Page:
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"Beethovens Werkstatt" (Beethoven's Workshop would be the literal English translation) is a research project in the field of musicology. With technologies like high resolution scans and advanced semantic technologies, the project provides a unique glimpse into the creative processes of one of the greatest composers of classical music. Beethoven's style of composing was characterized by multiple reworks of his material. Always trying to write his best music, he constantly revised, corrected and annotated his sketches and finished versions - even after they were already printed.
By using high-resolution images and modern web technologies, researchers and musicians will be able to explore the creation of works like the 6th Symphony or the Moonlight Sonata for the first time. They will be able to study Beethoven's original handwriting and compare every step until the finished masterwork - even being able to play in-between or alternate versions that were later discarded. For almost every person who is seriously interested in classical music, this will be an amazing and unique experience.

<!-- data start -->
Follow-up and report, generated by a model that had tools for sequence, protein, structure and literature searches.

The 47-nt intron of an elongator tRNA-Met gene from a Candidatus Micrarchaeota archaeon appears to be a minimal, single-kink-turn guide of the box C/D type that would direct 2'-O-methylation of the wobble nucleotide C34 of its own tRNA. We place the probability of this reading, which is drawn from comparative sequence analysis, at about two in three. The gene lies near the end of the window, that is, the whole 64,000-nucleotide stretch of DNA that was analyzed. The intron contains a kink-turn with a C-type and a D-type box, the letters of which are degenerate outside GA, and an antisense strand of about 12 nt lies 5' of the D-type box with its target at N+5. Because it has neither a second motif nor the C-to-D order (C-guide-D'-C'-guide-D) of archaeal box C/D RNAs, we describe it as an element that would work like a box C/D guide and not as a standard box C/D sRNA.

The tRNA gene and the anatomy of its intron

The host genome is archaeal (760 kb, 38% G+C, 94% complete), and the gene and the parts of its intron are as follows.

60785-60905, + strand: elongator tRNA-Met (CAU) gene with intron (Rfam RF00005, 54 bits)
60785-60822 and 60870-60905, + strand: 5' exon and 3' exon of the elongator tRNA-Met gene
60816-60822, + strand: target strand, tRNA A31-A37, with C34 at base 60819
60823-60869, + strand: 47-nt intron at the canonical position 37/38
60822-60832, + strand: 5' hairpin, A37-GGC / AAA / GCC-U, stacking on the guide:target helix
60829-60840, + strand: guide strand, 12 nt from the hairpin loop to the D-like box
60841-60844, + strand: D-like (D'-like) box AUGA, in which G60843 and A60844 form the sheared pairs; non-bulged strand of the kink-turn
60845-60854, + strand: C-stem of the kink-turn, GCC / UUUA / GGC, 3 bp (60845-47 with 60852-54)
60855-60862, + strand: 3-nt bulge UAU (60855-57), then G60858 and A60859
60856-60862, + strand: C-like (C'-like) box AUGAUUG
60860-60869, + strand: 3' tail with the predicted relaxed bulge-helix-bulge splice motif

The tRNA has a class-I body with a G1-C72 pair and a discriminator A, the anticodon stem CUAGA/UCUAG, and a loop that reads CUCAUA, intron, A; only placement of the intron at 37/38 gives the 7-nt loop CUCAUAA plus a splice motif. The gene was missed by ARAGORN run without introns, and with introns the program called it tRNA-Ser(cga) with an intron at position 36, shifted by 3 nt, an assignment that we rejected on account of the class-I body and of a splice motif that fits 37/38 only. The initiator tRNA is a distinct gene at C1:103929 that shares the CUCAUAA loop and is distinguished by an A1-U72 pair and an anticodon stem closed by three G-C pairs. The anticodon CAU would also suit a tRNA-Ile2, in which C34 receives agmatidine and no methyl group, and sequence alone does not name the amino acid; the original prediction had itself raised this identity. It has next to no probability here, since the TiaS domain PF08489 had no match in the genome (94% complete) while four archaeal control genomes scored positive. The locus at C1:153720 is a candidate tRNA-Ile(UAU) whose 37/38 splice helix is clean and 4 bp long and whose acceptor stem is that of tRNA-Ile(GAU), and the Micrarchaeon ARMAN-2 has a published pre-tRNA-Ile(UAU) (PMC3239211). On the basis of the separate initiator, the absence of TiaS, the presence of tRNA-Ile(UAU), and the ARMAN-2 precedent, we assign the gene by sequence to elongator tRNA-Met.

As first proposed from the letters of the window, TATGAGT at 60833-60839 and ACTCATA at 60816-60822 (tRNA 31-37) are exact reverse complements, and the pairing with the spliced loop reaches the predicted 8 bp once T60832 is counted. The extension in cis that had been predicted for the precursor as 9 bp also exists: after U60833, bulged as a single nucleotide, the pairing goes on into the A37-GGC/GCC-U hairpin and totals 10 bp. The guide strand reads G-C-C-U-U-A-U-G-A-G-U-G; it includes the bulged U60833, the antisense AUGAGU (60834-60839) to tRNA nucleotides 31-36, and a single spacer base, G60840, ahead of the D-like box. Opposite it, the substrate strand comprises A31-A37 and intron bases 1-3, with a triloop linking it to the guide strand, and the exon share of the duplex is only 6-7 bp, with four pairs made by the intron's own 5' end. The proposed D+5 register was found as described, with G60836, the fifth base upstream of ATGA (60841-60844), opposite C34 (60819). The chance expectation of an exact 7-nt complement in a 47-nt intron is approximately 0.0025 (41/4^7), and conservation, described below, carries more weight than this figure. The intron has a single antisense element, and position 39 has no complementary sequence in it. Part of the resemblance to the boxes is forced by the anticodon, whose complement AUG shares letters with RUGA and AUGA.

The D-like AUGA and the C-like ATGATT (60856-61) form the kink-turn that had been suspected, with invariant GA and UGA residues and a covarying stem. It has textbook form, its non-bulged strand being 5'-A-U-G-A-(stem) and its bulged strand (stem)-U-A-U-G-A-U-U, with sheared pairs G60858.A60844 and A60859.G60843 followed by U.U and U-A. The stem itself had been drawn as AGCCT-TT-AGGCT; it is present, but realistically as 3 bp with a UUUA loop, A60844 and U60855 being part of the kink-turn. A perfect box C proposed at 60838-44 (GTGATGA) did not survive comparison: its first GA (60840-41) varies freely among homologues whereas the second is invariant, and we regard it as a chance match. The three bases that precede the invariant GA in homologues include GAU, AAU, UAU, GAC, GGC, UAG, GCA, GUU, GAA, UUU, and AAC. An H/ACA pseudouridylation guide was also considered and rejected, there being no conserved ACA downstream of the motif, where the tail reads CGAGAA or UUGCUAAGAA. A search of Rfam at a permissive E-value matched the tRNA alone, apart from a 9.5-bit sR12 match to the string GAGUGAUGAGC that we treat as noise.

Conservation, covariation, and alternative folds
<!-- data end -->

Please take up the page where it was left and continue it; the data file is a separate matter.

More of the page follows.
The logo will be used as the primary identification symbol for this project.
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The logo should work with or without the project's subtitle ("Genetische Textkritik und Digitale Musikedition"). The use of any of Beethoven's signatures (as provided) is optional. The image with pencil and paper is a modern painting of Beethoven which may or may not be used in any way for the logo.
Any corny or hokey musical cliches like clefs or note symbols should be avoided. The logo should be as serious as possible, since it is clearly addressing a professional scholarly community. It should work well in combination with the logo of the Beethoven Haus Bonn, but does not have to follow the same style.
The logo could explore the unfinished style of Beethoven sketches, foreshadowing the perfection of later versions or displaying the incremental character of his work. Beethoven was the archetype of a musical genius: brilliant and headstrong. He often striked through passages or whole pages with red ink and wrote dictatorial instructions on the margins of his sketches. The strong musical will of this composer can still be felt 200 years later just by looking at his handwriting.